Buyers Guide is a journey undertaken by our team every year. It is a mammoth and thankless task to capture concisely the wide spectrum of products and solutions offered by the various brands. Yet it is a challenge we feel we need to take – we owe it to our readers, the buyer community.
We do not claim to list every product or vendor in a particular category, rather provide our readers with the information they need to make smart purchasing decisions, sometimes using specific vendors or products as exemplars of those features and services.
The healthcare industry is facing challenging headwinds. Hospitals are operating on tighter budgets, which are triggering a transformation of the purchasing process and the way medical products are being bought and valued. Decisions that used to be the sole preserve of doctors are now also made by regulators, hospital administrators, and other non-clinicians. Many payers and providers are evaluating medical devices statistically on the basis of their safety and procedural efficacy – and increasingly in terms of cost and value. Providers are seeking sources of information that show the reputation, quality, and effectiveness of products and services – specifically, a neutral evaluation of the value, productivity enhancement, and service that the product or service delivers. This environment magnifies the need for every purchasing decision to meet these goals. At the same time, the medical products industry has become more competitive. Emerging markets, once seen as a safe haven for premium products, thanks to their growing middle classes and rising investments in healthcare, are leapfrogging developed economies and introducing cutting-edge purchasing processes and pricing mechanisms.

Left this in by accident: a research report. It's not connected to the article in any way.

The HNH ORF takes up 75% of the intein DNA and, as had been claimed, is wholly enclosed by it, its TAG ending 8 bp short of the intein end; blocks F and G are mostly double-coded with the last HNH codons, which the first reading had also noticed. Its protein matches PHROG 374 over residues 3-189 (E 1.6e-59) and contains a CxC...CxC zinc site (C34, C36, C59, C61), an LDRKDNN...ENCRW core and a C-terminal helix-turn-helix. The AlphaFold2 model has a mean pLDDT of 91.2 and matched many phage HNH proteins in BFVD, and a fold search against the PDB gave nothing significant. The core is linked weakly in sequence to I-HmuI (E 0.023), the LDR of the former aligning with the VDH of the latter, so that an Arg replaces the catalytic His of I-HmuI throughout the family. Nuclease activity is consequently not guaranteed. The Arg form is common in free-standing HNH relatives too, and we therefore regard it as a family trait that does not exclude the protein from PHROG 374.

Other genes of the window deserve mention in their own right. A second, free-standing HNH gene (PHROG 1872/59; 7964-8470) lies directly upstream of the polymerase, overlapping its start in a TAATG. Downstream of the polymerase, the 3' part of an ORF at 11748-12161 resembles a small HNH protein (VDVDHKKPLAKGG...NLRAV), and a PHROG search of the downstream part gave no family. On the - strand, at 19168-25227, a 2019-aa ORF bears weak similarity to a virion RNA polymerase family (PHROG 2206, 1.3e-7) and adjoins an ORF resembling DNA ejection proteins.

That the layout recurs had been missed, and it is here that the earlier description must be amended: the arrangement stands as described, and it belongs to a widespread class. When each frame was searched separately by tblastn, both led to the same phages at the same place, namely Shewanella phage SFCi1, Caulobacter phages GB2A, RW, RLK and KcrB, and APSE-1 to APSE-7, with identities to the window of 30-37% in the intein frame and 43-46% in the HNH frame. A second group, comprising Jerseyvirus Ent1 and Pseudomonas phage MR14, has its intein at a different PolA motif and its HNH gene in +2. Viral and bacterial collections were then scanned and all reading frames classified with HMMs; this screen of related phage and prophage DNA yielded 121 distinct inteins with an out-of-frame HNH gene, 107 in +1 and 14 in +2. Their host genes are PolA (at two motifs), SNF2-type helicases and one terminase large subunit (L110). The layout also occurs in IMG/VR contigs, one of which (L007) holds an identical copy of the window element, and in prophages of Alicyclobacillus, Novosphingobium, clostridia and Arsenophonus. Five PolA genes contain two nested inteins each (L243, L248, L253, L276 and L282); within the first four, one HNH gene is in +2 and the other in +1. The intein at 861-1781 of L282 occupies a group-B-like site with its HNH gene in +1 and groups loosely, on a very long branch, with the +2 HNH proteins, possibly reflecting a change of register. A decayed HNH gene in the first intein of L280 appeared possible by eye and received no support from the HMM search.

ROI remains the top consideration. When replacing or maintaining existing equipment, age of the current equipment, the maintenance record, and whether maintenance is still supported by the manufacturer become important. Getting value – the best product for the price and safety – outcomes and ease of use are also important criteria.
While the contours of the medical devices industry continue to be defined, radical change is inevitable, and the companies that embrace it will both shape the industry and profit from their efforts.